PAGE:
Date registered: Sep 2004
Vehicle: 2014 E250 Bluetec 4-Matic, 1983 240D 4-Speed
Mentioned: 2 Post(s)
Quoted: 256 Post(s)
This is a much more complicated issue than is being portrayed, and to suggest anyone has this figured out is like having faith the weather man is able to predict the weather with any accuracy for next month.
There are some basic concepts that have to be answered first, and then we can hypothesize some explanations and then test them, and so forth until we come to a theory that seems to hold up. Kind of like using the Scientific Method.
One of the first questions to be answered is "are humans part of Nature's scheme or not" and if the answer is "yes" we should realize that humans on earth are like the locusts and gypsy moths and other things that have perodicities to their populations. We will do our part to use order to create disorder, and live on only if we are working within the rules of nature.
Change is natural and consistency is not. Climate changes have occured in the past and we calmly classify them as "natural" or due to some external influence that is also natural, like a huge meteor strike or the like.
Our recognition that we are causing a climate change is probably good. It will probably lead to efforts to control the rate of the upcoming climate change and possibly reduce the scope of its effect on human populations. But almost every solution will lead to a condition where our population size is going to cause a climate change by one means or another.
Your solar energy panels, if they became the chief way to power all of our industrial and private energy needs would eventually change the albedo of the entire Earth, which will influence global warming. The same for any alternate energy source. The more successful we are as a species, the greater our influence on these global mechanisms. When there are just too fucking many people, we will break the back of whatever is maintaining the environmental conditions favorable to humans procreating, and the problem will be solved.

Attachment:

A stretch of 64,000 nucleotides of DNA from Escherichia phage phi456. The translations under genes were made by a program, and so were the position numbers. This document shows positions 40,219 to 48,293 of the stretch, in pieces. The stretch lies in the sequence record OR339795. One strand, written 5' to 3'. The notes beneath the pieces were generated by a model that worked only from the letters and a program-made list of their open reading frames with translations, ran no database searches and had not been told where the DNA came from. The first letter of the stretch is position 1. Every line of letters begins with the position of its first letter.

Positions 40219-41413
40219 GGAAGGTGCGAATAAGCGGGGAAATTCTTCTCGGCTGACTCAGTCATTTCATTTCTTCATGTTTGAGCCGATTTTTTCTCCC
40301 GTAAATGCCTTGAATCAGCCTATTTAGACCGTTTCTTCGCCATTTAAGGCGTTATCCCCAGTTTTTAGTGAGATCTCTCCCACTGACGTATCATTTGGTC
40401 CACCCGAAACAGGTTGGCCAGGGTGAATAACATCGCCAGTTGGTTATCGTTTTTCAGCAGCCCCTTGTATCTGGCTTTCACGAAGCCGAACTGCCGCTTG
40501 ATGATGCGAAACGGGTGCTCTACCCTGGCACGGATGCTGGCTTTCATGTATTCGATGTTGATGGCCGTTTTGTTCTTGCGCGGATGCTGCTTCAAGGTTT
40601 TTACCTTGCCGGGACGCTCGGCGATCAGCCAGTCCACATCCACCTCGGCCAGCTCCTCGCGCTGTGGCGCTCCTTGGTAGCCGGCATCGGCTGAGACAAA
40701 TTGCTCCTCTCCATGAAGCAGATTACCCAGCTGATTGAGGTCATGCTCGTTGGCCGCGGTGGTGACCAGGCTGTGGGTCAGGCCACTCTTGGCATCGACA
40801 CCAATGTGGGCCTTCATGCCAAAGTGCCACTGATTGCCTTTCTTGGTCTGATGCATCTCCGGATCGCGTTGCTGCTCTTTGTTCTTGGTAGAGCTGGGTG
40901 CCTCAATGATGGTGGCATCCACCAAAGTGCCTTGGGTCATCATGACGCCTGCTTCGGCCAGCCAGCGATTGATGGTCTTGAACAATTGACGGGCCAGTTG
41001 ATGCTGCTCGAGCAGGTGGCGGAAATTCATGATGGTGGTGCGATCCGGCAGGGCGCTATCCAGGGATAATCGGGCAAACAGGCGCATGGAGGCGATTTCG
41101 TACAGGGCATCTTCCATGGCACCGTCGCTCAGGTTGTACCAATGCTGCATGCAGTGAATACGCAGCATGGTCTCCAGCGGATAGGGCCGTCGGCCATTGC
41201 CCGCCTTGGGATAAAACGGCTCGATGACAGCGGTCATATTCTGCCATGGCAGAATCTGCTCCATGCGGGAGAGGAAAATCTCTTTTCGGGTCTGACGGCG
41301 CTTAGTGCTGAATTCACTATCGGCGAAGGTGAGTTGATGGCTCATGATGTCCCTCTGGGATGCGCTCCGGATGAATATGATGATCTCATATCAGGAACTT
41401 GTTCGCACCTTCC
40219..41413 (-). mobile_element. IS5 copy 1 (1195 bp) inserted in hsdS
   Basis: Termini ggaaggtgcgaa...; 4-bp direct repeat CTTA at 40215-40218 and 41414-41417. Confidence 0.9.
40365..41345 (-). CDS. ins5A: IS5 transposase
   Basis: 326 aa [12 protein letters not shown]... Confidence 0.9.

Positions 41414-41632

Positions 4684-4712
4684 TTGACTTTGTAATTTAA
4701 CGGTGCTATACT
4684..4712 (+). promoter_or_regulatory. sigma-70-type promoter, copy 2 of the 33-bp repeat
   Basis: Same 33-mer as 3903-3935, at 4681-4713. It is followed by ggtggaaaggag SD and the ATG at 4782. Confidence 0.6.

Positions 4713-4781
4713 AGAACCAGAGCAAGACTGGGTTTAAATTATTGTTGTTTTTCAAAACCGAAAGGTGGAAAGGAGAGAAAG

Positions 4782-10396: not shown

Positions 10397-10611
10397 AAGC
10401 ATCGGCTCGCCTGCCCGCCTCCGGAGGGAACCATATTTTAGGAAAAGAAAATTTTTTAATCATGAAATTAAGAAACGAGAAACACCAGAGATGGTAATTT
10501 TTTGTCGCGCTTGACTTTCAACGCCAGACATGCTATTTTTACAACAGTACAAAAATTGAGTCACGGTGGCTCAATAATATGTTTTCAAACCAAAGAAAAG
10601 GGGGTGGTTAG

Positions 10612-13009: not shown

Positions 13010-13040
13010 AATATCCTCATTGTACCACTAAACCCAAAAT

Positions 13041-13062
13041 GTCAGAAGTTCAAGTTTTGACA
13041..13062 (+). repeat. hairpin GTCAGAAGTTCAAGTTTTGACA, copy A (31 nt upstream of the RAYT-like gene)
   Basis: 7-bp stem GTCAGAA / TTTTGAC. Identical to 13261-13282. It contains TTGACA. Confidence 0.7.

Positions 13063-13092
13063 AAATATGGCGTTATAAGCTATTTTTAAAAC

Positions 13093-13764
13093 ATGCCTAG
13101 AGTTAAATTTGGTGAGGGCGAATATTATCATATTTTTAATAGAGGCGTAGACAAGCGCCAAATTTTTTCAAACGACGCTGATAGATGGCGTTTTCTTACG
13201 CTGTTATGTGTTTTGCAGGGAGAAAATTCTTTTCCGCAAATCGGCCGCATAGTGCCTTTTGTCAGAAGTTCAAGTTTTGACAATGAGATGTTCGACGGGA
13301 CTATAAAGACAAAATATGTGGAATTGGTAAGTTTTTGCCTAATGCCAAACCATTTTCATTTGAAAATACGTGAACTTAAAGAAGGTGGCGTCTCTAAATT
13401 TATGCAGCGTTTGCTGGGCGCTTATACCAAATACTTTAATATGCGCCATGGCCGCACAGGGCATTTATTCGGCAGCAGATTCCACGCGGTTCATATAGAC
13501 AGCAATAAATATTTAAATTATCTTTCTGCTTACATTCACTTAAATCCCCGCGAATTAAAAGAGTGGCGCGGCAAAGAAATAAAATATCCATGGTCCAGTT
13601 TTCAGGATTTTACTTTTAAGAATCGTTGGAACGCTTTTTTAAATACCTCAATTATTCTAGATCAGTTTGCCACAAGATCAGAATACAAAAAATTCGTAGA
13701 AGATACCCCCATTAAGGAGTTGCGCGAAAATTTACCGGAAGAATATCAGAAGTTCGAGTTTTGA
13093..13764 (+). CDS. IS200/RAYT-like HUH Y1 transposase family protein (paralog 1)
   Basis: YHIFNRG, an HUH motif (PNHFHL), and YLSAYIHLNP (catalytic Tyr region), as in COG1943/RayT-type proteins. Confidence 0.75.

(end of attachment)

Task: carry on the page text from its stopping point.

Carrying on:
It is unnatural for any system in nature to be stable. The time span for this observation is different for different systems, but the whole point of time is to make these changes apparent. To try to resist something as forceful as Nature's pursuit of change is futile - we can't even get our asses moving when a big storm is coming, and we have days of warning. Relative to the range of forces available in nature to make change, storms are pretty benign.
So, Al Gore's premise is we should avoid speeding the process up and be faced with a rate of change that exterminates either us directly or essential elements of our life supply line, either food, water or shelter. That is also the message of environmentalists. And they are both correct. If left to its own devices, nature will enforce its rules at a rate that we may be able to survive as a species if we are really clever and vigilant. Otherwise, we are going to go the way of the Dodo bird, but at our own hand. Even the fucking Dodo bird didn't do himself in. Jim